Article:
I wonder dear reader, if you would be so groovy as to ponder a query that has been rattling about in my cranial cavity for some time now:

How did life become so complicated?

What I mean by that is: How have the simplest acts of our lives become so encumbered with complexity and convolution?

In the race to “make our lives easier,” product manufacturers have latched on to an obsession (and I use that word advisedly) with design for design’s sake, or to put it another way, over-designed and over-engineered products.

You still aren’t sure what I’m on about. Quite so. Allow me instead to use an exemplar to illustrate my conundrum.

Take this business of one’s morning ablutions. When greeting the morning’s promise, we are compelled – by nature as much as by the tenets of taste and good hygiene – to refresh oneself in the chamber designated for such acts.

The processes performed here seem simple enough on the surface, but on closer inspection, it becomes clear that we’ve turned the simple act of “getting ready for the day” into a production worthy of a Gilbert and Sullivan stage show.

The sheer volume of tinctures, creams, pastes, liquids, concoctions and recondite gadgetry is enough to unseat one’s reason.

Now at this moment dear reader, you may fear that I am about to carelessly fall into the trap of lamenting the processes women undertake of a morning. I must beg your pardon when I say, with all due respect… Uh-uh!

No ladies and gentlebeings of the jury, I will not use this space to traduce or malign those who are the proud bearers of two fine and quite serviceable X chromosomes. I will instead turn to gentleman-shaped humans of the male persuasion.

The process of, shall we say, landscaping one’s facial topiary – as a gentleman is wont to do during his usual AM routine – is a perfect example of this over-complication to which I’m referring.

Where once we would reach for a brush, some shave cream and a Sweeney Todd model straight razor, we’re now presented with preparatory pre-shave creams, after-shave treatments, beard oils, and any number of other liquidus or gelatinous ointments and salves bearing delightful ingredients such as stearic acid, myristic acid, potassium hydroxide, triethanolamine (whatever that is), parfum (Pardon moi), sodium hydroxide, toe of frog and eye of newt.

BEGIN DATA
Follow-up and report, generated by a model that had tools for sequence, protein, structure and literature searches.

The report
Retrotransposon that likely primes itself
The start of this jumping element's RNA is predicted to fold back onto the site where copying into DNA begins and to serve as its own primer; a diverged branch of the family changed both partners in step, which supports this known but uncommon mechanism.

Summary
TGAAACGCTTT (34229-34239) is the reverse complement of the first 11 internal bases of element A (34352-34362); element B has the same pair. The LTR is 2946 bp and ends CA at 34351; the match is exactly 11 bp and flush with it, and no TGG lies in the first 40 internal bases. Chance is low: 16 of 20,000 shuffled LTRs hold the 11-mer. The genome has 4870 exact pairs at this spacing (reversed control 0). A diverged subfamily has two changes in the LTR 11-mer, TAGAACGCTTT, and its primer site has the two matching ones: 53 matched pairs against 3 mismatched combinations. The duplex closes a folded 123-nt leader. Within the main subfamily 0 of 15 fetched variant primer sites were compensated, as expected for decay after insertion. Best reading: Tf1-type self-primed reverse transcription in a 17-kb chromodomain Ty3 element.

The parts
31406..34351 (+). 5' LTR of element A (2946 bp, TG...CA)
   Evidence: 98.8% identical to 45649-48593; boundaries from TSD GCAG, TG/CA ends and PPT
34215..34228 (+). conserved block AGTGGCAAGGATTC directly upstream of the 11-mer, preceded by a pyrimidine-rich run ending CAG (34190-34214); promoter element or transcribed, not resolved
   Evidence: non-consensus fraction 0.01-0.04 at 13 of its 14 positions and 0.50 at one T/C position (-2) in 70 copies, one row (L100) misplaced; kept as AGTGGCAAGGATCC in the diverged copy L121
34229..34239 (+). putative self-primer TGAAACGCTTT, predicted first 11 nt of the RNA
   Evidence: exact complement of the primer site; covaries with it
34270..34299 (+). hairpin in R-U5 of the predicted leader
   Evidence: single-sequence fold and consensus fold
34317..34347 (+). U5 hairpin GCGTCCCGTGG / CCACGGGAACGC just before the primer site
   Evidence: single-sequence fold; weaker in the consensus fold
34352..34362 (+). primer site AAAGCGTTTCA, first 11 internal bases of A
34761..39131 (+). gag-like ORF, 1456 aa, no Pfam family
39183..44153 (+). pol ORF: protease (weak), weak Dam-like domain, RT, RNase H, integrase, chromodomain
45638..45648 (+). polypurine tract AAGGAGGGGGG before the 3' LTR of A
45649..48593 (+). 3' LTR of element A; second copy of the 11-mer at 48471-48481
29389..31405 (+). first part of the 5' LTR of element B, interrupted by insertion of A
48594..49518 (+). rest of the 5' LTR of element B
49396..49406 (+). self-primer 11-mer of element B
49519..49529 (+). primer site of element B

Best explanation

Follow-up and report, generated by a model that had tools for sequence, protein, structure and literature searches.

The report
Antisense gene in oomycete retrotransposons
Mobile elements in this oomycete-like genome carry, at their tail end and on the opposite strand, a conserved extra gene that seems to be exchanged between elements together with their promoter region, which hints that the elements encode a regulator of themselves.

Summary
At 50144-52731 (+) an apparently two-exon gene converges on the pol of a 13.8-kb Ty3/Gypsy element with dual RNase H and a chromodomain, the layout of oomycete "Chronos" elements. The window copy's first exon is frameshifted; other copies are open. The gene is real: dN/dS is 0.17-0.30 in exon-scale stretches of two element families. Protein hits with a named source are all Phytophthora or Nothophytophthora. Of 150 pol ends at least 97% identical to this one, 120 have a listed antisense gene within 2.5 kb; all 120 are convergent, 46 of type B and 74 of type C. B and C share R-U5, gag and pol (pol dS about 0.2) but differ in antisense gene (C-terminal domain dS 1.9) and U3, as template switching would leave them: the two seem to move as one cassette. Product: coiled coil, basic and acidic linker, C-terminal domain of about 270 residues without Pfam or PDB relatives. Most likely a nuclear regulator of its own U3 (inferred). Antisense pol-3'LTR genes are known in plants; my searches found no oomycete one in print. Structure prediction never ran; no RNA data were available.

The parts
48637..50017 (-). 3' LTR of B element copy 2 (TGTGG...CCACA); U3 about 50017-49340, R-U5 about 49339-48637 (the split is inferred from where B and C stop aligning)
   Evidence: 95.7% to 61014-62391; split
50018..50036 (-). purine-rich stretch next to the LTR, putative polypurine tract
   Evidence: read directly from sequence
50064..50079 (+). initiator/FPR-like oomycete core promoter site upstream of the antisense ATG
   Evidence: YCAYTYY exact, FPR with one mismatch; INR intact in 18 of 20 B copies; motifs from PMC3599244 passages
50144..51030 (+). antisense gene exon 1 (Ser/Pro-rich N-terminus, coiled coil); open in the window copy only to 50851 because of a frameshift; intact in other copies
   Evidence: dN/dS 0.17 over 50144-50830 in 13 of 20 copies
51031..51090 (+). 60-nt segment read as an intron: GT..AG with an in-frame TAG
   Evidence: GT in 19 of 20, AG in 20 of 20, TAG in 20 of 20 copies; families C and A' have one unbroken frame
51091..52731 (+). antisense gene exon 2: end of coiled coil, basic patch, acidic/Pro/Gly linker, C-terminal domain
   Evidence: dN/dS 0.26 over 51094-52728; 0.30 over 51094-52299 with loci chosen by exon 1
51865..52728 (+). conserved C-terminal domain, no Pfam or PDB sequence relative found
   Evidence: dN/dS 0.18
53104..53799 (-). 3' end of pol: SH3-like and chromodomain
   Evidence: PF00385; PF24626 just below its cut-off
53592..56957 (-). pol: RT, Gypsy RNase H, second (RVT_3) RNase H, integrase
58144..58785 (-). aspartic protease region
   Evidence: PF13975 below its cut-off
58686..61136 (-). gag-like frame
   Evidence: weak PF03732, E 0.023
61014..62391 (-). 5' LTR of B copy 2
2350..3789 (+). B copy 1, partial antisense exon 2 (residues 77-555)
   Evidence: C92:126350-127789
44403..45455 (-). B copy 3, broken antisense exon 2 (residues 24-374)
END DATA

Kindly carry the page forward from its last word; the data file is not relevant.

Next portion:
All these convoluted concoctions however pale in the face of the cornucopia of contraptions and gadgetry that are foisted on us daily by the men’s facial care industry and their tireless marketing machine.

The simple razor has been upgraded – or more accurately, mutated – into a multi-bladed whizz-bang apparatus that looks more like a Transformer than a device for shaving. Powered 18-bladed monstrosities with pivoting heads, cooling strips, power steering and an optional altimeter.

You have NO IDEA how useful it is, when in the process of expunging oneself of excess facial fur, to know precisely how high one is above sea level.

(On reflection, methinks that last sentence may be more accurate than even I’m prepared to admit.)

This obsession with over-designing products isn’t limited to the world of shaving. I recently saw a commercial for a brand new style of hairdryer that promised, and I quote:

“…engineered for balance…”

Just to recap, this is for a hairdryer. Not a samurai sword, crafted by artisans using centuries-old techniques. A hairdryer. Used – one assumes – for drying hair.

The really insane thing is, that phrase isn’t just marketing fluff. I have no doubt the designers and engineers really did attempt to build the product to absurdly exacting specifications.

Ladies and gentlemen and assorted visiting carbon-based lifeforms, I’m as much a fan of well-made products as the next human. If I’m purchasing a product, even a mundane one, I want it to be of decent quality and last to the end of the week at least.

However this obsession with design for its own sake has become an absurd excuse to charge premium prices for products that, in all likelihood, are no better than less expensive, less designed and, it must be said, less “balanced” products. It’s not “form over function,” it’s form instead of function.

Don’t misunderstand me here dear reader. I’m not suggesting that we turn into modern-day Luddites, abandon all manner of modern contrivance and return to an agrarian lifestyle, bartering for the things we need with a currency of chickens, goats and the occasional yak. That would be absurd. (And our wallets would have to be HUGE.)

The last thing we need is a balanced hairdryer. What we need is a slightly more balanced life.

Now that… is something worth designing.

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